It's an exciting time to be in the business of producing humane, ethical, organic eggs. The industry is changing right before our eyes, and consumers are becoming better educated not just about labels, but about the real meaning behind those labels. Ultimately, it's up to every individual to decide what they think a reasonable egg farm should look like. For us, it's a small family farm producing to the Certified Humane Free Range standard, meeting our country's egg demands in a humane, sustainable way; not too little space, but not too much, either.
May 19, 2022
I didn't know this was a Ben and Gerry's article but I was reading it with Ben and Gerry's in mind. I love these eggs and have been eating them for a few years now. It's good to know the meaning behind the labels and this article gave me greater insight. Thank you for watching out for the hens, farmers and us all at once.
April 01, 2022
I always hear about the hens well cared for but what about the roosters? What are their living conditions like?
Our farms and most egg laying farms do not contain roosters as that would create fertilized eggs which leads to baby chicks.
February 26, 2022
Chickens are omnivores as i understand it. Are your chickens free to walk around and eat grubs and whatever else they encounter in the pasture or are they fed chicken feed? I -f chicken feed, what is in it?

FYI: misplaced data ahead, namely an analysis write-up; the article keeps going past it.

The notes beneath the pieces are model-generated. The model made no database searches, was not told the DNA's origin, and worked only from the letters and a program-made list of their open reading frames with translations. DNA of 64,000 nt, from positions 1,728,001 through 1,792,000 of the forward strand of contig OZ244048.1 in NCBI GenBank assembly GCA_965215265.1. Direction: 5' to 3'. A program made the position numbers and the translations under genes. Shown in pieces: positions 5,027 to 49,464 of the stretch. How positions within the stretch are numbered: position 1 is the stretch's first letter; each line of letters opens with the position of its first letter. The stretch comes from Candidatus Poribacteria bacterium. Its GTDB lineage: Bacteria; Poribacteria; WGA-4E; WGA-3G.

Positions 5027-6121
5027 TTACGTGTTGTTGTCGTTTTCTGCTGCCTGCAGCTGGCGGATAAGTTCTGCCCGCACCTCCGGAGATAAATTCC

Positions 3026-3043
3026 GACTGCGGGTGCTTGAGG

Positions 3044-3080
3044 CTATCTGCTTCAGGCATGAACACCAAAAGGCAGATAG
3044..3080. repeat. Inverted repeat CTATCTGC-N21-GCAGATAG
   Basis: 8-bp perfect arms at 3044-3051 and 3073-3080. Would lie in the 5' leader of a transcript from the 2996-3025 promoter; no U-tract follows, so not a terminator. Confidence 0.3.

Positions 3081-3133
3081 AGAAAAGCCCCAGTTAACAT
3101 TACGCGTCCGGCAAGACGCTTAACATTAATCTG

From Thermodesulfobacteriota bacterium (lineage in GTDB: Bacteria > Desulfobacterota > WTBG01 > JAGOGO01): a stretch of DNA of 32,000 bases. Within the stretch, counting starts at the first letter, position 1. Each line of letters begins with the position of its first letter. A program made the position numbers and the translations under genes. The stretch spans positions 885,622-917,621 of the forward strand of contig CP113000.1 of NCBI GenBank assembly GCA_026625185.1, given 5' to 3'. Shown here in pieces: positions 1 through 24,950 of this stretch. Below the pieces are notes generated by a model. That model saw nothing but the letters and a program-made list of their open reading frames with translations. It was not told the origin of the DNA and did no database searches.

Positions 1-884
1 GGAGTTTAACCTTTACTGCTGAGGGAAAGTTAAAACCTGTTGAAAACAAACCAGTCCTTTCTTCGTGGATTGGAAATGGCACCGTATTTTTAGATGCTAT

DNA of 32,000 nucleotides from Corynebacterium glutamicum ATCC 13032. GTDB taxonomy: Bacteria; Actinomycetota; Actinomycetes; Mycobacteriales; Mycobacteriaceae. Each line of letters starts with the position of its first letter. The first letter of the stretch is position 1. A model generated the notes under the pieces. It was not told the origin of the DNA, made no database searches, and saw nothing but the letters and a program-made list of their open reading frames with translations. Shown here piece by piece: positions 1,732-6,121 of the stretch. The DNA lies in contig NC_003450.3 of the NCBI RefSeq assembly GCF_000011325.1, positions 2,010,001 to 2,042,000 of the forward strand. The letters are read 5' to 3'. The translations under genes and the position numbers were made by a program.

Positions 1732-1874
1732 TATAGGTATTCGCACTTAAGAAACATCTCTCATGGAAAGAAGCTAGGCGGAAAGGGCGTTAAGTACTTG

February 18, 2022
My grandmother & my grandpa pa hard a farm in Hearne Tx from 1940-1982 when they passed. I remember tending the hens, pigs, chickens, rooster & gardens. The foods were so much better for you and tasting. Thank you Pete & Jerry, can’t wait to taste your organic brown eggs. I’m in San Antonio, Tx.
February 16, 2022
JUST CRACK OPEN ONE OF YOUR EGGS, ENOUGH SAID, PERIOD!! BEAUTY/PICASO IN A SHELL, THANKS FROM MY FAMILY.
May 29, 2021
Thank you for taking the time to educate people on the difference between "Free Range" and "Pasture Raised" chickens.
May 30, 2021
It's important to know the differences, and we're glad to help educate folks on what they are getting! Believe in what you buy!
July 09, 2018
September 07, 2016